So it became pretty obvious last night that Antonio Cesaro is ready.
Not that it hasn't been obvious for quite some time, but when you attempt to pull off your signature move and the crowd pops -- especially when you're a heel -- then it's time to take the turkey out of the oven.
I'm referring, of course, to the handicap match featuring The Real Americans against World Heavyweight Champion John Cena. Cesaro had the champ in all sorts of trouble and when he hooked the legs to uncork his patented "swing," he did the quick 1-2 check of the crowd.
And they roared in approval.
True, he was competing in Manchester, who really upped the decibels for all things awesome, but Cesaro gets a reaction no matter where he performs. Is a reaction reason enough to warrant a big push? No, but there's more to the Swiss giant than a few solicited pops.
Never was it more evident than when he fought Cena.
For all the heat he gets from fans, a lot of it warranted, there is no question that Cena knows how to deliver a big match when he wants to. Not so much in technical prowess, but rather in psychology and execution. But it's hard to sell an opponent as a legitimate threat, because Cena is usually the more imposing physical specimen.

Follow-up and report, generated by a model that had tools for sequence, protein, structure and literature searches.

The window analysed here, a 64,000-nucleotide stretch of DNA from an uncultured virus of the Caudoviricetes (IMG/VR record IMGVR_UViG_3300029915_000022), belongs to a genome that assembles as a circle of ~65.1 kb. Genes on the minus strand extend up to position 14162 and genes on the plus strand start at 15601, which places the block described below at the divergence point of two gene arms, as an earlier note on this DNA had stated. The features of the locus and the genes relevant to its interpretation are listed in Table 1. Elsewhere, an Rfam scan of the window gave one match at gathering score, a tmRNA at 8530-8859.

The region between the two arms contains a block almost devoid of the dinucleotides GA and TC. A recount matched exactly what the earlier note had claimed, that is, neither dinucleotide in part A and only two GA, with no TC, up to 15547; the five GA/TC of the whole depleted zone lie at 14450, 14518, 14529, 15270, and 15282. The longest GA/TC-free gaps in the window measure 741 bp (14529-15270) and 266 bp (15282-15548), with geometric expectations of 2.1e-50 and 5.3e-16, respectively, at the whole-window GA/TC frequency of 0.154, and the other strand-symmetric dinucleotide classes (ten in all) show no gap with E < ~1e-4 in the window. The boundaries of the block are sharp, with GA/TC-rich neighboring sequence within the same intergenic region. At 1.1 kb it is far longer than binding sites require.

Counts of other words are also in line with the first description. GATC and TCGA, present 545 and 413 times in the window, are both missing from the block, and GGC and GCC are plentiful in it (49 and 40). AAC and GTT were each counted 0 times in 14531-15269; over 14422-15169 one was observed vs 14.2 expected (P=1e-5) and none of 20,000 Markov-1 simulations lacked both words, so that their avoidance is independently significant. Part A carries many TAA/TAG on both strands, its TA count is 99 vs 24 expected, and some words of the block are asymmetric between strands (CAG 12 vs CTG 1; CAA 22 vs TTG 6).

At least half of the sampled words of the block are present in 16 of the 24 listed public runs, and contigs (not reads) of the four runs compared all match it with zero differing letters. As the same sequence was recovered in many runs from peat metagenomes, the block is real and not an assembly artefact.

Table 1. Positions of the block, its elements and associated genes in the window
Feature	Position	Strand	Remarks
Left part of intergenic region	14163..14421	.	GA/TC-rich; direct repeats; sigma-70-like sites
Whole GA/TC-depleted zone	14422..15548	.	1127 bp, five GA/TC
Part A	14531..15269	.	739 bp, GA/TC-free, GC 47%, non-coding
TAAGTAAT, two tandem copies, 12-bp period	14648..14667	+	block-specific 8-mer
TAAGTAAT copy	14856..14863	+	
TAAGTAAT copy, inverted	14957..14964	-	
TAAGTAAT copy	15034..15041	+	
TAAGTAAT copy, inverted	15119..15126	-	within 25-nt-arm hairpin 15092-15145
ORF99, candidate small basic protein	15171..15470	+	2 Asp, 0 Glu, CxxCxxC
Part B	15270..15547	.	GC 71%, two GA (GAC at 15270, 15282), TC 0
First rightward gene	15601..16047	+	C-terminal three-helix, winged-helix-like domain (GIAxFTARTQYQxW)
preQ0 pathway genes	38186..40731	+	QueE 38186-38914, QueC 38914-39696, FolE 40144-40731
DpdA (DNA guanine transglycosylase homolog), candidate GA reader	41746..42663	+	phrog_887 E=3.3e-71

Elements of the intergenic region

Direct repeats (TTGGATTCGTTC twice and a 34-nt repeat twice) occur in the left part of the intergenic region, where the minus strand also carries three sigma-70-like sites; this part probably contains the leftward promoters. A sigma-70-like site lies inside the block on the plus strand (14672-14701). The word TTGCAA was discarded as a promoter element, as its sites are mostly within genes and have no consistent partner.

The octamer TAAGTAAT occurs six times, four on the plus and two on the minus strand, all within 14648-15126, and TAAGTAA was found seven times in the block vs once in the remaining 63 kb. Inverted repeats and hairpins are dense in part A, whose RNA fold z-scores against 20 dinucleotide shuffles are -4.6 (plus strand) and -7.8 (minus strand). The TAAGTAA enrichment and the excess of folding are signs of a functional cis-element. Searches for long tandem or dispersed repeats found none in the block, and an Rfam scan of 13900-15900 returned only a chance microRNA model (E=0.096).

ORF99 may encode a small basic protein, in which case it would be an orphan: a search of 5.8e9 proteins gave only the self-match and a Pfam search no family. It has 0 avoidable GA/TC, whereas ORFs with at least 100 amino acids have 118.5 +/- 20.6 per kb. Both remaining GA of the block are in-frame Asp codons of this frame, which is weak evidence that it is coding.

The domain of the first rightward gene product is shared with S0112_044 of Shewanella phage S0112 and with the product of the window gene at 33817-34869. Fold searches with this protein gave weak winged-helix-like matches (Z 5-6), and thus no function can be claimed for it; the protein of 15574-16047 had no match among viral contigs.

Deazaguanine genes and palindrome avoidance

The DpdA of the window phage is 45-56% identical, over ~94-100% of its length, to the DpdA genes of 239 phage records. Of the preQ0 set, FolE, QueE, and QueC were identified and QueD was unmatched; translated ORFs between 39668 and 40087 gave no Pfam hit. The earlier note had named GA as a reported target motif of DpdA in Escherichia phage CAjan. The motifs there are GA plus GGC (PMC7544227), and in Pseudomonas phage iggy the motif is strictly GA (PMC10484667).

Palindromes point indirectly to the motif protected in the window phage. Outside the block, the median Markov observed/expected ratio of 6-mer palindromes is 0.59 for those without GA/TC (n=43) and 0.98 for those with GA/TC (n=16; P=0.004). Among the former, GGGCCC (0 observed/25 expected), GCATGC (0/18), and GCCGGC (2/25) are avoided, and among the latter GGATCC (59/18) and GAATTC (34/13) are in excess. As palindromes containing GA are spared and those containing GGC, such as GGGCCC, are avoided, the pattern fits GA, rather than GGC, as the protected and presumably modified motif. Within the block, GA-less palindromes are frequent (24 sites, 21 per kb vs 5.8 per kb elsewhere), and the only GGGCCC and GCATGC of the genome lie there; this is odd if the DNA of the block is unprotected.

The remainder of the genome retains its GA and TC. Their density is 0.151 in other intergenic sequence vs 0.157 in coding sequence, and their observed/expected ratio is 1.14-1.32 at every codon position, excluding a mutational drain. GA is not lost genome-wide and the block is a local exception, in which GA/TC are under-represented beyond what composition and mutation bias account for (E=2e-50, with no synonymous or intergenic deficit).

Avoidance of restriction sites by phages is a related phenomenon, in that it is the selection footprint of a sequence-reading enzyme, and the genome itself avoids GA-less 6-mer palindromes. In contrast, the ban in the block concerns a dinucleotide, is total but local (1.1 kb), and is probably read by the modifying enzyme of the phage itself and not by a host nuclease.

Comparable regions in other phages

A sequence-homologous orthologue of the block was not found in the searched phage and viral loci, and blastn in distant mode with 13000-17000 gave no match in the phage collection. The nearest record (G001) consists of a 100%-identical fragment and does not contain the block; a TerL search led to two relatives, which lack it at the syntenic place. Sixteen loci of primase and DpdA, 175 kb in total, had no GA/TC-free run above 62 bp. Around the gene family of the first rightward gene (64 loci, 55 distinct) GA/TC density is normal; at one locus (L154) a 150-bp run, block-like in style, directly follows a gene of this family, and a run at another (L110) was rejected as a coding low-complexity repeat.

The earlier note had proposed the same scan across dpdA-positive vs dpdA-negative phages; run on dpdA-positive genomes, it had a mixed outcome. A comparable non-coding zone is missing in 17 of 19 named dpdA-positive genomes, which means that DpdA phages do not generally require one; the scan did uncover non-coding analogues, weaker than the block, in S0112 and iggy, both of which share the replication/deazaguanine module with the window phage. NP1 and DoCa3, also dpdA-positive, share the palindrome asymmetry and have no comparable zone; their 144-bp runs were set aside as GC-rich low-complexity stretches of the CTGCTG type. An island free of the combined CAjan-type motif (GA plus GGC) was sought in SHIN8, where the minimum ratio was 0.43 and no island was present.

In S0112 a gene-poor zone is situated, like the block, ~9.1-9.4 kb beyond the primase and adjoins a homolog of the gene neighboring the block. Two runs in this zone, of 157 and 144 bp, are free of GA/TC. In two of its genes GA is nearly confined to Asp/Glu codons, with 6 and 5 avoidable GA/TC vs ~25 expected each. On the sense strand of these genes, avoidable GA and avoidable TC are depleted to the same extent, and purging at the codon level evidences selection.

Not this time.
That was a big part of the appeal during last night's tag action on Monday Night Raw (results). There was never a point during that match when I didn't believe that Cesaro was able to hold his own against Cena. It was a nice change, too, as the champ usually has to wrestle down to his opponent, rather than up.
And when you have John Cena selling for you, then you must be doing something right.
My top spot from last night was probably the European uppercut that floored Cena off the ropes, as he was doing his dopey shoulder-block attack. The second was watching Cena go airborne, only to land flush against a second uppercut. Compare the sales job on those two spots to his half-hearted grimace while being armbarred inside a steel chair by Alberto Del Rio later in the night.
Recently, Cena said he's going to be working the World Heavyweight Championship (WHC) for the foreseeable future. His goal is to restore the "honor and focus" of the Big Gold Belt, but it also keeps him out of the WWE title chase to allow The Authority program to play out sans interference.
That said, let's not pretend the roster is deep when it comes to the WHC.
Alberto Del Rio has been clogging up the pay-per-view line up most of the year and he's already worked against Dolph Ziggler, Christian and Rob Van Dam, before moving on to Cena. It's enough already with this guy. But WWE won't remove him from the top spot because they don't have a serviceable heel to take his place.
Actually, they do.
Cesaro has the look -- as well as the skills -- and now he has the fans. All he needs to move forward is someone backstage willing to pull the trigger. What else does he have to do? He's managed to shine in ever role he's been given, including United States Champion and one half of Zeb Colter's patriotic pair.
He also turns 33 next month, so in the immortal words of Cena, the time is now.